BREARD V. ALEXANDRIA, 341 U. S. 622 (1951)

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U.S. Supreme Court

Breard v. Alexandria, 341 U.S. 622 (1951)

Breard v. Alexandria

No. 399

Argued March 7-8, 1951

Decided June 4, 1951

341 U.S. 622


A so-called "Green River ordinance" of a municipality forbids the practice of going in and upon private residences for the purpose of soliciting orders for the sale of goods without prior consent of the owners or occupants. Appellant, representing a foreign corporation, was engaged in door-to-door soliciting of subscriptions for nationally known magazines and periodicals. Subscriptions were acknowledged by a card sent from the home office of the corporation, and the publications were delivered by the publishers in interstate commerce through the mails. Appellant was convicted of a violation of the ordinance solely because he had not obtained the prior consent of the owners or occupants of the residences he solicited.


1. The ordinance is not invalid under the Due Process Clause of the Fourteenth Amendment. Pp. 341 U. S. 629-633.

(a) The ordinance can be characterized as prohibitory of appellant's legitimate business of obtaining subscriptions to periodicals only in the limited sense of subscriptions by house-to-house canvass without invitation. It leaves open the usual methods of solicitation -- by radio, periodicals, mail and local agencies. Pp. 341 U. S. 631-632.

(b) The Constitution's protection of property rights does not render a state or city impotent to guard its citizens against the annoyances of life because the regulation may restrict the manner of doing a legitimate business. Pp. 341 U. S. 632-633.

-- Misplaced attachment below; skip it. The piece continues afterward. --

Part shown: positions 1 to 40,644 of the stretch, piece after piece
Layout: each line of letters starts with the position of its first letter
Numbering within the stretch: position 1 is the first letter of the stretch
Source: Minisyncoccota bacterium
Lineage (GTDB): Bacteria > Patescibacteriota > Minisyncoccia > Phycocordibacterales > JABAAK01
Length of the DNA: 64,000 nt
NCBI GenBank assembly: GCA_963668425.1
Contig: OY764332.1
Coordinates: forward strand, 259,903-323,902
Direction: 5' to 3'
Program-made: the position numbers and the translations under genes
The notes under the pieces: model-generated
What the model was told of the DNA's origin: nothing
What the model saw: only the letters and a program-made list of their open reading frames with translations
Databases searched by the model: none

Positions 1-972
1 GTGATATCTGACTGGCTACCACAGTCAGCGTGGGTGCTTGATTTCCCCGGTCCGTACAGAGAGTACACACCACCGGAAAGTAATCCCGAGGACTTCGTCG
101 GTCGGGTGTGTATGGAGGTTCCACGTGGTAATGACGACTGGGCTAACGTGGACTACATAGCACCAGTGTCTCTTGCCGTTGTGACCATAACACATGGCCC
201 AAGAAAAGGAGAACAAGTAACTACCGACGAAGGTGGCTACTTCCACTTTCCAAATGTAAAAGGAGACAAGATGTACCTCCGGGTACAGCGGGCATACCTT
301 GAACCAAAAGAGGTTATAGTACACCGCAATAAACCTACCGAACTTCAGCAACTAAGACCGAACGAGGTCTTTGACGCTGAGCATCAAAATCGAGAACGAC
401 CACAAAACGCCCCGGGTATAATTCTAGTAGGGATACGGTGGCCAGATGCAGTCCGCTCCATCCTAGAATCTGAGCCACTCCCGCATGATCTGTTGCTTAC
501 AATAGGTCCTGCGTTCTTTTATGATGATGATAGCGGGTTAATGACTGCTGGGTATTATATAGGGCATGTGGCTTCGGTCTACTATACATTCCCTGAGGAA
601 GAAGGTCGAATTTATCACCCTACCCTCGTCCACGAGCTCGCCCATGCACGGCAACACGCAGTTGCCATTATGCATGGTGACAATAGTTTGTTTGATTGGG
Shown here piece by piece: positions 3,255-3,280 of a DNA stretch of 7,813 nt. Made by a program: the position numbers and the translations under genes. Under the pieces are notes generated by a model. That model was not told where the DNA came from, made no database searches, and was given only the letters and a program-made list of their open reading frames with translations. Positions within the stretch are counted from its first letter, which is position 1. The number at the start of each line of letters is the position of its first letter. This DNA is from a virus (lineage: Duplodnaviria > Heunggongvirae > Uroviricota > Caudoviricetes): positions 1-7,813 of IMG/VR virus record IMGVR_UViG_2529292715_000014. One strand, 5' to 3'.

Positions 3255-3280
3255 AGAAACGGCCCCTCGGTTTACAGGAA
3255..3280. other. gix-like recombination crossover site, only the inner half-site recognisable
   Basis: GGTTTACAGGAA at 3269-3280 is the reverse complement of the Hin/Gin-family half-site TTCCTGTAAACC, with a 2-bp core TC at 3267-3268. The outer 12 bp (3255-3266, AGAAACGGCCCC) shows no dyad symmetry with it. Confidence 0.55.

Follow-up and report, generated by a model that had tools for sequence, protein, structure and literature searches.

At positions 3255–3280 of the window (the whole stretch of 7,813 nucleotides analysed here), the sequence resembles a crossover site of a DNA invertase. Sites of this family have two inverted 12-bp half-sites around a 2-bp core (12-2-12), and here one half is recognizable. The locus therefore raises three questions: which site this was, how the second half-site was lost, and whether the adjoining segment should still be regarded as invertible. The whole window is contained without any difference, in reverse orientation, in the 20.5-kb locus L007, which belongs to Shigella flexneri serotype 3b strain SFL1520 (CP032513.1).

2. The ordinance does not so burden or impede interstate commerce as to violate the Commerce Clause of the Federal Constitution. Pp. 341 U. S. 633-641.

(a) The ordinance does not discriminate against interstate business and is a valid local regulation of solicitation. Hood & Sons v. Du Mond, 336 U. S. 525, and Dean Milk Co. v. Madison, 340 U. S. 349, distinguished. Pp. 341 U. S. 633-641.

(b) Appellant, as a publishers' representative or in his own right as a door-to-door canvasser, is no more free to violate local regulations to protect privacy than are other solicitors. Pp. 341 U. S. 637-641.

Page 341 U. S. 623

(c) When there is a reasonable basis for legislation to protect the social, as distinguished from the economic, welfare of a community, it is not for this Court, because of the Commerce Clause, to deny the exercise locally of the sovereign power of the state. Pp. 341 U. S. 640-641.

3. The ordinance does not abridge the freedom of speech and press guaranteed by the First and Fourteenth Amendments. Pp. 341 U. S. 641-645.

(a) The fact that periodicals are sold does not put them beyond the protection of the First Amendment. Pp. 341 U. S. 641-642.

(b) The constitutional guaranties of free speech and free press are not absolutes. P. 341 U. S. 642.

(c) Martin v. Struthers, 319 U. S. 141; Marsh v. Alabama, 326 U. S. 501; and Tucker v. Texas, 326 U. S. 517, distinguished. Pp. 341 U. S. 642-644.

(d) It would be a misuse of the great guaranties of free speech and free press to use them to force a community to admit the solicitors of publications to the home premises of its residents. P. 341 U. S. 645.

217 La. 820, 47 So.2d 553, affirmed.

Page 341 U. S. 624

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